A development originating in the early 2000s that has its origins in Keller’s PSI approach and involves structure, active learning, and cooperation is called interteaching. Interteaching places the responsibility for learning largely on the student, rather than on the teacher disseminating information via a lecture. In this approach, the instructor provides questions to guide students in a focused activity, and students then review the material to be learned and discuss it with fellow students in small groups. Finally, the students can request that the teacher address questions they have regarding the material.
Interteaching, like its predecessors, may not introduce elements that do not already exist in the classroom. What it involves is a rearrangement of behaviors and a redistribution of time devoted to individual and group work, discussion, lecturing, and out-of-class preparation. Like the other types of active learning, interteaching draws on cognitive theory but relies on a significant element of behavioral theory in its application.
Just-in-time teaching (JiTT), whose conceptual basis developed in the 1960s but was made practical through computer technology in the 1990s, involves student learning combined with the use of the Internet. Students take responsibility for learning specified material and for recognizing what aspects of that material they do not understand. JiTT relies on students to begin learning the material before class. Then the student communicates uncertainties to the teacher shortly before class time so the teacher can use class time most effectively to address the weaknesses in student learning. Class can be oriented toward what students do not know. Ideally, JiTT also engenders a spirit of cooperation between the students and the teacher.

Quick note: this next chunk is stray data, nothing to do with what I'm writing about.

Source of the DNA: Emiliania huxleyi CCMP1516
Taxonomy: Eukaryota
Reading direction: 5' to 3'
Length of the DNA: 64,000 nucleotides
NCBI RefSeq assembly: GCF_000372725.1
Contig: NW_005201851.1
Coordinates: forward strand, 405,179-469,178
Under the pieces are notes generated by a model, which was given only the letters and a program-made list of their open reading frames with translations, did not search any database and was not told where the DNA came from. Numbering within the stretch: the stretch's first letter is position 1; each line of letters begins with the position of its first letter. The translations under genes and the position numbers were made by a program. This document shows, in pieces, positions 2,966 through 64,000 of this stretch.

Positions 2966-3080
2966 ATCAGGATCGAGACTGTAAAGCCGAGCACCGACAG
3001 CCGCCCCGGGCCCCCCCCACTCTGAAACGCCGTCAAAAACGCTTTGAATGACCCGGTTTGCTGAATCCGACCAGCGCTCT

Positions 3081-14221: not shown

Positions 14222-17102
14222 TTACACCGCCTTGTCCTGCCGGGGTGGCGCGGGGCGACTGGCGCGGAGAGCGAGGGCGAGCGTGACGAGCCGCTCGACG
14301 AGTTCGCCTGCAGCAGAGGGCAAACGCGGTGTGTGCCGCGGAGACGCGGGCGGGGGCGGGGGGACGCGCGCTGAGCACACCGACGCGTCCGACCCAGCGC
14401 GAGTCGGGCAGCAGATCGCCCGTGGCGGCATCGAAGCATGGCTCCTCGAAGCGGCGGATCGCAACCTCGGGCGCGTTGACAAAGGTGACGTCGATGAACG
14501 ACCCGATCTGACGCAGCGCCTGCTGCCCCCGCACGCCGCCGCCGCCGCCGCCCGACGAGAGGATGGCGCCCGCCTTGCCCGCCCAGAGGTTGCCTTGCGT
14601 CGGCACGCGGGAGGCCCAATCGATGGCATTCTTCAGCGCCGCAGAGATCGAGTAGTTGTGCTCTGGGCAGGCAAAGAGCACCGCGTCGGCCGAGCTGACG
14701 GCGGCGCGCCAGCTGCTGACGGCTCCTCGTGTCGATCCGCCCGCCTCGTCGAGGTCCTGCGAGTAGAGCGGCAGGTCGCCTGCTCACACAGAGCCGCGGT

Psychologists are often on the forefront of adopting new teaching technologies. The Internet and presentation software have become staples of the contemporary classroom. Preliminary evidence suggests that computer-based teaching can lead to greater learning than standard lectures when multimedia presentations are constructed so that the different components of a presentation are pedagogically integrated. The presence of excessive sound and graphics can lead to cognitive overload and reduced learning.